LTE- That’s a good question. With the Internet and television shows, movies… People hear songs and maybe they’re inspired to go look for it. But I work in a record store here in Atlanta– it’s Wax n’ Facts, and it’s been here for 43 years. We have people come in all the time that are looking for the original artist that was sampled in a new song. They’re being driven back to the original musicians, and a lot of them are like soul– so they might sample a little Brothers Johnson lick or something here and there and then they’re like “Wow, this is really cool!” Marvin Gaye, any of these, even Frank Sinatra. And they’ll come in because they want to know what the original music was like, and they end up oftentimes liking that better. So I don’t know if that’s indicative of what new music is kind of about. It doesn’t for me, but I could be stuck in some old school trap. It doesn’t seem to have the same originality that a lot of the older artists that I grew up with did.
Andy, what about you?
AB- Lucy is kind of like my muse. She’s helped me write and inspired a lot of stuff. So when it comes to musical… Not so much direction, but like she knows what’s going on. She works at one of the most respectable record stores in the United States. She knows what’s going on. Danny Beard who owns the store, he’s amazing. People like that, when you’re around them, it inspires you to be a better person.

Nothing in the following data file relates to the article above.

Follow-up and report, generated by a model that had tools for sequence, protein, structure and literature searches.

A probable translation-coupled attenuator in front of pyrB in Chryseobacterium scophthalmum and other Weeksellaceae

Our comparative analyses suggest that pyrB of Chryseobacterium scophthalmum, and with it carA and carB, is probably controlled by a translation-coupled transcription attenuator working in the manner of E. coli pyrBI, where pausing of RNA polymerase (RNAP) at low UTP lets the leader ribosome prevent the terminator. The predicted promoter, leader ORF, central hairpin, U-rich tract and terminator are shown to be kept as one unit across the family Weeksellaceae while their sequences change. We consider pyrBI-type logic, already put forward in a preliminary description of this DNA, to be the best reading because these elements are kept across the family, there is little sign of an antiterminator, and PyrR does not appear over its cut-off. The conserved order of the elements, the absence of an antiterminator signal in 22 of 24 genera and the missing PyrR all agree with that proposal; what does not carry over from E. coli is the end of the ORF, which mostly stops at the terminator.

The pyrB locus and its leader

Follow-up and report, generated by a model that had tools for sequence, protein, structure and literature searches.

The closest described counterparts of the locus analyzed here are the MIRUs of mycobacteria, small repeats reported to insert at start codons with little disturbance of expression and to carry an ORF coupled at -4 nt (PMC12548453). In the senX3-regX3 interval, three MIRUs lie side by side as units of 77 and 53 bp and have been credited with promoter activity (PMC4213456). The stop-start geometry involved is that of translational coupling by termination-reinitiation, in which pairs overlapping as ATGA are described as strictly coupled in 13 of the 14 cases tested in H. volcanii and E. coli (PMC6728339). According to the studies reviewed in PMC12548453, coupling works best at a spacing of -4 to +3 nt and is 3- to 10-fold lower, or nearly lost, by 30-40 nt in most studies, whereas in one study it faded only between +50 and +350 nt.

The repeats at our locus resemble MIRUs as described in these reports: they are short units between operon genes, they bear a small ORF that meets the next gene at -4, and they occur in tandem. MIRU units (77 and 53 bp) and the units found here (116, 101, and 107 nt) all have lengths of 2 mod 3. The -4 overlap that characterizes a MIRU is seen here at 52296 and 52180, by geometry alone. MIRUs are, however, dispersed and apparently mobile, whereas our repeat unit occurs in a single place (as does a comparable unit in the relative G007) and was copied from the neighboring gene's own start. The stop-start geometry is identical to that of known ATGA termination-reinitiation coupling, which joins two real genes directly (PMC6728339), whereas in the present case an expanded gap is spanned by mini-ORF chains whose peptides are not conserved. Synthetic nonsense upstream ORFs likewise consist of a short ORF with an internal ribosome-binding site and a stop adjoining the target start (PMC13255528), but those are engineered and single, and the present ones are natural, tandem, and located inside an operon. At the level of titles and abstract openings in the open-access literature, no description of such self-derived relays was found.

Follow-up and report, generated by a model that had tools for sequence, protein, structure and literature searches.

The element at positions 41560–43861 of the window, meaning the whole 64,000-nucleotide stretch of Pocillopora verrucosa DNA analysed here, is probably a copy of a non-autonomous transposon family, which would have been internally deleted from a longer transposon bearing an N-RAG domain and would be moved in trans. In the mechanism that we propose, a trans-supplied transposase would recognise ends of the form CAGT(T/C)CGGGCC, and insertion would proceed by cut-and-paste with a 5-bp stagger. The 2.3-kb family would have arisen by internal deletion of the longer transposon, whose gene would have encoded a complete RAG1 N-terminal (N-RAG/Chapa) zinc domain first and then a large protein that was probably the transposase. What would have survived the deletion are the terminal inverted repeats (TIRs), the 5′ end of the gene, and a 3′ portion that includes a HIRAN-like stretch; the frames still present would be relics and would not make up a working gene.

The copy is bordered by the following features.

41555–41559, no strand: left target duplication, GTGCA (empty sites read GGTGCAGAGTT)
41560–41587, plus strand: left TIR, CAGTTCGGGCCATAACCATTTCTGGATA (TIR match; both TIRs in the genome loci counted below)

What are we looking at coming up this Saturday at JBA? Are you going to have all your horn players along with the band for the show?
AB- We just usually have one player, but we might just take it easy ’cause I know it’s not the biggest place in the world. So it might be an acoustic guitar with me singing and Lucy on bass, Brad Mattson on drums, Billy Fields on piano, and Jeff Ford on guitar. Kind of slim it down just a bit in there and see. It’s kind of like a testing ground, but I think we’re going to do quite well in there. And if things go well, which I know they will, we’ll come back in a couple of months and bring the whole deal.
Lucy? Andy said that you’re from here?
LTE- Well, I graduated from high school at Mount de Sales, and I was there for my senior year. We moved from South Georgia, Wayne County. My mother also graduated from Mt. de Sales the last year that it was an all girl’s boarding school, and my aunt did too. So we’ve kinda got years of history, even though we haven’t technically resided there for years.
Did you ever get to play any music while you were here?
LTE- I did not. I wasn’t playing. I mean, I played some piano when I was a little girl, but I never practiced. So my mom made me stop taking the lessons. But other than that, I really never played an instrument until I graduated from high school and moved away. And I’d like to say thanks to my friend Trevor Dickson, who’s been a good friend to the Troupe– and all my classmates at Mt. de Sales!
Well, I know Trevor!
LTE- Yeah. Trevor’s awesome. We went to high school together!
Andy, were you able to get down to Macon during your Nightporter days? Did you guys ever come down here and play any shows?
AB- I don’t think we played Macon. But we did Savannah and we did Statesboro when we were on our way to Florida I think to play with like Husker Du. I may have stopped in Macon, but I never played there. I’m really looking forward to it.